PIQUA —“Education of our children is the key to our greatness.”
That is what reads on the new plaque hanging in the recently named “Yuri Willcox Commons” at Piqua High School, which was unveiled during a ceremony held there Monday evening honoring local educator Yuriko “Yuri” Willcox for her contributions to the community.
For those who met and worked with Willcox, she left an impression. PHS Principal Rob Messick began the ceremony, saying that he did not get the opportunity to work with Willcox, but when he told a former acquaintance that he was working at Piqua City Schools, the first thing he asked Messick was, “Do you know Yuri Willcox?”
When he went on to tell Messick how Willcox was “the most amazing person,” Messick said, “That resonated.”
“I’m just very blessed and obviously, Piqua’s very blessed,” Messick said about having Willcox’s legacy at PCS.
In April, the Piqua Board of the Education announced the Diversity Committee had chosen Willcox as the namesake for the commons.
“It is my honor to be a part of this program,” said Piqua BOE President Frank Patrizio, who was also a member of the Diversity Committee. Patrizio said that it was important to promote, educate, and celebrate differences, and it was the goal of the board and the Diversity Committee to recognize a person with a diverse background by naming the commons after him or her.
Prior to the Diversity Committee choosing Willcox, social studies teacher Justin Hemm’s minorities studies class identified and researched various people who had an impact on the community as possible honorees last year. The students conducted research with historians at the Piqua Public Library, traced genealogy, utilized census data, looked through yearbooks, and studied over 6,000 vertical files for this project.
“This really fostered with the groups,” Hemm said. “They had to work together.”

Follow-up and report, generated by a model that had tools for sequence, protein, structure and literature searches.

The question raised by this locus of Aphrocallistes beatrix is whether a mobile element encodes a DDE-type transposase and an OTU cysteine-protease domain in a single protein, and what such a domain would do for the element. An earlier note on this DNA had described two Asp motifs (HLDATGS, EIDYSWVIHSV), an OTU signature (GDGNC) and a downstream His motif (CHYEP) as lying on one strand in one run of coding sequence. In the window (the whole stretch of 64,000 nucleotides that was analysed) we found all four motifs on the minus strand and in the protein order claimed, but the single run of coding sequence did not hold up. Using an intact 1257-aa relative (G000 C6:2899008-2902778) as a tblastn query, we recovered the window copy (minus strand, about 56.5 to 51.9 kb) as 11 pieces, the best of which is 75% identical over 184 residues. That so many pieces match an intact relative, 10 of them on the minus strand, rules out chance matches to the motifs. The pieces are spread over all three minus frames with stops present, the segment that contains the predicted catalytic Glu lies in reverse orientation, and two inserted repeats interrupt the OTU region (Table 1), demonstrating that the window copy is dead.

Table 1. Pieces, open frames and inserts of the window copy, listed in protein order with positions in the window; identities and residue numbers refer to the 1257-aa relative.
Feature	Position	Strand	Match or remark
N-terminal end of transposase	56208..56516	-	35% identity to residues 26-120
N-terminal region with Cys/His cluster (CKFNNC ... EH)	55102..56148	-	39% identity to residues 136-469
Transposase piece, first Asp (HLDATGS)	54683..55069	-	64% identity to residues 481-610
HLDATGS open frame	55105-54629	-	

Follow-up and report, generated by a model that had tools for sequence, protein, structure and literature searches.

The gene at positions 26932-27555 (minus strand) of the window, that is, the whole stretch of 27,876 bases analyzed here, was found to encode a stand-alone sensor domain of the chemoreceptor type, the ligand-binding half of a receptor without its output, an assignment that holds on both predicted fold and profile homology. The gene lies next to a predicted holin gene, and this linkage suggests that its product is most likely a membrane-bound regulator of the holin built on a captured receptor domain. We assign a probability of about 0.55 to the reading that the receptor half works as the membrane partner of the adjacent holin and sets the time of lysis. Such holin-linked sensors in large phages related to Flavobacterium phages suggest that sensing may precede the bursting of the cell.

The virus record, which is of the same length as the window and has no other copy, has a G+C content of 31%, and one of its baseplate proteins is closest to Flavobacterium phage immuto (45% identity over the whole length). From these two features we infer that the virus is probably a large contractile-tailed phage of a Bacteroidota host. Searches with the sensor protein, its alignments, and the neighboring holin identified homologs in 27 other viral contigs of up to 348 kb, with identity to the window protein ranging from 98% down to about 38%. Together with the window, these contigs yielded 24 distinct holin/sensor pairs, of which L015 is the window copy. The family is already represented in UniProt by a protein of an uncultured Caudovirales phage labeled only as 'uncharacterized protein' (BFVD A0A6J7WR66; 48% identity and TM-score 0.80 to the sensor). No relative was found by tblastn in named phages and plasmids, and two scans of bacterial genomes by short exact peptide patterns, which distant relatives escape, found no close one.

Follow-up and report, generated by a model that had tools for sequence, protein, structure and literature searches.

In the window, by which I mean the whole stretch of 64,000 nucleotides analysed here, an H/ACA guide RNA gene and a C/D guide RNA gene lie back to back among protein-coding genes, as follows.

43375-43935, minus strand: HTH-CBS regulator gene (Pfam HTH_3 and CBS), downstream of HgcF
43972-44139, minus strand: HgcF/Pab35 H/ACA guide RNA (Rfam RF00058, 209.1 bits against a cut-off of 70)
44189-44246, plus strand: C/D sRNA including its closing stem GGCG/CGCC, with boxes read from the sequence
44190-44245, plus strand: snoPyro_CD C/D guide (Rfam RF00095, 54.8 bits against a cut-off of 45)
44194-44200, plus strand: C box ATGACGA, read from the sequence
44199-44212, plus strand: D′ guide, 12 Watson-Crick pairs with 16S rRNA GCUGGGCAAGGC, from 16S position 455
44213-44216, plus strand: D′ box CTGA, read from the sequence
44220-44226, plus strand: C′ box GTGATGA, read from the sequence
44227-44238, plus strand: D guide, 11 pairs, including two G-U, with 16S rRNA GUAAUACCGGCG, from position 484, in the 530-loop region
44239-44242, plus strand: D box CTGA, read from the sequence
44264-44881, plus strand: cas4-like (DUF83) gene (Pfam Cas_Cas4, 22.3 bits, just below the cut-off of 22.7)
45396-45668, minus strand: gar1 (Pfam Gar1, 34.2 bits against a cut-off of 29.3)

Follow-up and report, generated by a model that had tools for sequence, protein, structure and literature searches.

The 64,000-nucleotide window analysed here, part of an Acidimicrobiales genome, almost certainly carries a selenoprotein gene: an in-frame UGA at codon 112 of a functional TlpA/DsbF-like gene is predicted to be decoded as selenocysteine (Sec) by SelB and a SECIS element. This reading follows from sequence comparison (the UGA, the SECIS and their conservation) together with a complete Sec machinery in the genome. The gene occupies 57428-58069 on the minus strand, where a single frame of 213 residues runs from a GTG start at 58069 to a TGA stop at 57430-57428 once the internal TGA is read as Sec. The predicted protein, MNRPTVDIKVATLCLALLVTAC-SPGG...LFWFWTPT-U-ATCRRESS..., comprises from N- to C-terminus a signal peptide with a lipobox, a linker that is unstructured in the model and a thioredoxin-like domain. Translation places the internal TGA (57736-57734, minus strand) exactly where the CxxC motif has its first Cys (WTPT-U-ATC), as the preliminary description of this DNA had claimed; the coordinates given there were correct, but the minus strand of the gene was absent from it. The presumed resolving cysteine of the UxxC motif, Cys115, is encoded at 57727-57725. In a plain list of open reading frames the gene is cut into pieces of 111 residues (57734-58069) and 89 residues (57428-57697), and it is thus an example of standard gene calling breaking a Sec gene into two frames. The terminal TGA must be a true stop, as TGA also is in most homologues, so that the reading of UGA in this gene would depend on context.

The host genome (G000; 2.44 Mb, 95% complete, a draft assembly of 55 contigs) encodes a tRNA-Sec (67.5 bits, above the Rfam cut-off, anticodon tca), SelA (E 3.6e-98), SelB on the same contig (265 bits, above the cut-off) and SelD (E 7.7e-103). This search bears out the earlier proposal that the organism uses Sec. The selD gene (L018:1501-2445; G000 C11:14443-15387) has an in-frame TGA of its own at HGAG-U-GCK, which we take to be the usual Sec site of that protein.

Hemm explained that the groups also had to reach out to people and conduct interviews. “Very, very awesome experience,” Hemm said.
The students then presented their findings and recommendations to the Piqua BOE, who turned over the decision to the Diversity Committee.
“I am deeply honored,” Willcox said Monday evening. Willcox attended the ceremony with four generations of her family.
Willcox said that she was especially touched by the fact that it was a group of young students who helped choose her for this honor. She noted that she has been retired over 20 years, before many of those students were born.
“It was not only moving, but very gratifying,” Willcox said.
In her youth, Willcox was a sixth grade student from Atlantic City Friends School visiting in Japan when Pearl Harbor was attacked during World War II. Willcox then spent two years learning Japanese before attending and graduating from Seijo Girls High School in 1946. Willcox then attended Tokyo Women’s University until she took a U.S. Civil Service position with the Eighth Army War Crimes Division in Yokohama.
Willcox returned to the United States in 1948 and married Jack Willcox, to whom Willcox attributes being able to pursue a career in education.
“It was because of Jack I was able to become an educator,” Willcox said.
Willcox earned a bachelor’s in education magna cum laude and a master’s in education, both from Miami University. Between 1965-1975, Willcox was a sixth grade teacher at Favorite Hill Elementary School under Edna Agenbroad. Willcox was then the principal at North Street School between 1975-1977. In 1978, Willcox was promoted to PCS director of elementary instruction, a position from which she retired in 1993.
Willcox was also honored for her past roles of president of the Piqua Education Association, president of Western Ohio Education Association, National Education Association Board of Directors, Piqua United Way board member, and member of the Advisory Board for Miami County Juvenile Court.
“Of all things, I think the fact that we work with children is what is most uplifting, most promising for our community,” Willcox said. “This community has embraced me.”
Willcox emphasized that this honor was not just for her, but for the entire faculty and staff of PCS.
“Nothing is ever done in isolation,” Willcox said. “I think this is a shared honor.”
Willcox hoped that she had installed in a students a body of knowledge, a love learning, a sense of respect and responsibility, and a greater tolerance and appreciation for others and their differences.
“We don’t all need to be alike, but we all need to be respected,” Willcox said.
Reach Sam Wildow at firstname.lastname@example.org. Smoke Signals staff writer Jennifer Tellez contributed to this story.